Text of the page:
Industrial Interdependence and Industrial Unionism

On how many workers does your lifestyle — even your survival — depend?

The food you eat today — how many workers helped to plant it, to tend it, to pick it, to process it, to ship it, and to sell it to you?

The clothing you wear — how many workers helped to grow or to synthesize the fibers, to design the style, to manufacture the garments, to market it in stores, and so on?

The buildings you inhabit — how many workers helped to mine, to fell, and to synthesize the raw materials, to refine them, to bring them to market, to study the engineering physics, to plan the area, and to raise and to furnish the structures?

For that matter, how many workers helped to design and to build the infrastructure that enabled it all to happen — the equipment, the transportation systems, the communications systems, the power systems, water systems, etc.? And how many workers helped to feed, to clothe, and to shelter them?

Even just by examining the supply chains of these most basic of industrial activities, we stumble upon an astonishingly vast network of millions of workers laboring in numerous industries around the world, interdependent on each others’ activities. And yet they are disorganized!

Zoom in for a closer look to see that workers in all of these industries squabble amongst each other over every conceivable point of division: race, ethnicity, religion, gender, and so on. Even rival trade unions vie for work and scab against each other. Meanwhile, an owning class of bosses and their agents claim ownership of the workers’ products and make all of the key decisions about the ways in which industrial civilization will progress. This is no good! Workers’ priorities are misplaced.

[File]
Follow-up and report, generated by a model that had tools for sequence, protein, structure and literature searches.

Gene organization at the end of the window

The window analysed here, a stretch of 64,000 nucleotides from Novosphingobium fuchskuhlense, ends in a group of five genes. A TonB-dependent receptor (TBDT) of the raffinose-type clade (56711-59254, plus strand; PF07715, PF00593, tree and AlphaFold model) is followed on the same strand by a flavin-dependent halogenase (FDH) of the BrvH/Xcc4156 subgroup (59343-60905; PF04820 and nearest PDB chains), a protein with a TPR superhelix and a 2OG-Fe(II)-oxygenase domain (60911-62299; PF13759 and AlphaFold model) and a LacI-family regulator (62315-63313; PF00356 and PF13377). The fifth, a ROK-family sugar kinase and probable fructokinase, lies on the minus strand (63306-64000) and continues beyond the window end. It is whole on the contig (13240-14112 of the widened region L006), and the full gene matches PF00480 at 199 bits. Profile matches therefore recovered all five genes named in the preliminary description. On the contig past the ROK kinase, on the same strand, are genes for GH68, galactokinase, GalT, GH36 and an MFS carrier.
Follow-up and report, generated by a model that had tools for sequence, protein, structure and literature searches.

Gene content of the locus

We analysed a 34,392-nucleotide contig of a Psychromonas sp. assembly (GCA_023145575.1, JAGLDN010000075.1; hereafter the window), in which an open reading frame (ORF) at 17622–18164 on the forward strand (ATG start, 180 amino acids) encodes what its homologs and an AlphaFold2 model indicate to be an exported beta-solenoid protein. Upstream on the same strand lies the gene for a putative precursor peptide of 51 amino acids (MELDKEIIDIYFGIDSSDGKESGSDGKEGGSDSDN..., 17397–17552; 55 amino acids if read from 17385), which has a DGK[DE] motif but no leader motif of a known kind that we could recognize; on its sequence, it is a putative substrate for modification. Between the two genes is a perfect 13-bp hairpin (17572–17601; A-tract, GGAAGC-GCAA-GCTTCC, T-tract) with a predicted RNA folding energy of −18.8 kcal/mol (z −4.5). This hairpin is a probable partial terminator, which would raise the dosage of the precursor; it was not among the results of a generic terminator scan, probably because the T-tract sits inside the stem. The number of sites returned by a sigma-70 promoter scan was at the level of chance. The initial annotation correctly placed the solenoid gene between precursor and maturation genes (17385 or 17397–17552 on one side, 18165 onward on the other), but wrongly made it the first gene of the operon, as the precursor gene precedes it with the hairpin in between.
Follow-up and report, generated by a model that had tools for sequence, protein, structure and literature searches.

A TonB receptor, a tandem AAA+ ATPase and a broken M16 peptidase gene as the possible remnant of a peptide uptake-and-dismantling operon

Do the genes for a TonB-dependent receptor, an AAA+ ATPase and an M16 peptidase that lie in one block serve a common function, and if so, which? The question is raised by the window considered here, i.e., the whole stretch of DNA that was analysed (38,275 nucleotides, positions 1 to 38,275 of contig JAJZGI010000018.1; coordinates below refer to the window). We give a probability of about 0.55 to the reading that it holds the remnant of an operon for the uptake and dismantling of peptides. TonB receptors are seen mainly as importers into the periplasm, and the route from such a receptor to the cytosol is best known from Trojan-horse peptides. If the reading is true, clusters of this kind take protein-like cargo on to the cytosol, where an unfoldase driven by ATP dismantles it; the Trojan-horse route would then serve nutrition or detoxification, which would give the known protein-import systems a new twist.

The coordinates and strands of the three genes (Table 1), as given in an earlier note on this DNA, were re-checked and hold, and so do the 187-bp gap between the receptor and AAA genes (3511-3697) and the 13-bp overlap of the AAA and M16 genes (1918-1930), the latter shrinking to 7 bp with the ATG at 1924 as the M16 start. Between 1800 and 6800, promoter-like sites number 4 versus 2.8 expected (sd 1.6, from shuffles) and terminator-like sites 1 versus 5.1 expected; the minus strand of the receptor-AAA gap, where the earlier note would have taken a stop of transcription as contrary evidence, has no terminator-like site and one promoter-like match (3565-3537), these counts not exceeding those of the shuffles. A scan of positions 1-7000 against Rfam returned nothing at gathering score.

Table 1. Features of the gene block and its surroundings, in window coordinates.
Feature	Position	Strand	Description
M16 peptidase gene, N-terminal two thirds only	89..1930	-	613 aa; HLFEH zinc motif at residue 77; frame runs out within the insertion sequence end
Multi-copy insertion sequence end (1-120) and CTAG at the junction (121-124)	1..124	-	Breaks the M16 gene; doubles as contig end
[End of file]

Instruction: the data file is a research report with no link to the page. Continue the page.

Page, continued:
Greater efficiency, lower environmental impact, greater responsibility, more dignity, and indeed less work for everyone are possible when this waste is eliminated. The workers of the world are the only ones who can unionize to realize this goal, and the IWW has a program to accomplish it: uniting all workers by industry into the same union and using the resulting leverage (as exercised, for instance, in a general strike) to force the 1% who own and rule the world to do productive work like everyone else. We call this revolutionary industrial unionism.

As a worker, you probably feel like you’re too worn down, exhausted, and you have too many neglected dreams to be able step up and do something about it. But deep down, you know it’s not just important but vital that this shift happen. No more lakes can be polluted, no more houses foreclosed, no more lives wasted. Something has to give.

How long do we have? We have until the next Fukushima disaster, the next water supply destroyed by fracking, the next eviction that culminates in a drug-induced suicide. It doesn’t have to be this way. The wage system must be abolished, and workers must take charge of industry, operating it at cost to meet human need, not for profit. Join the IWW today to take a step toward achieving this.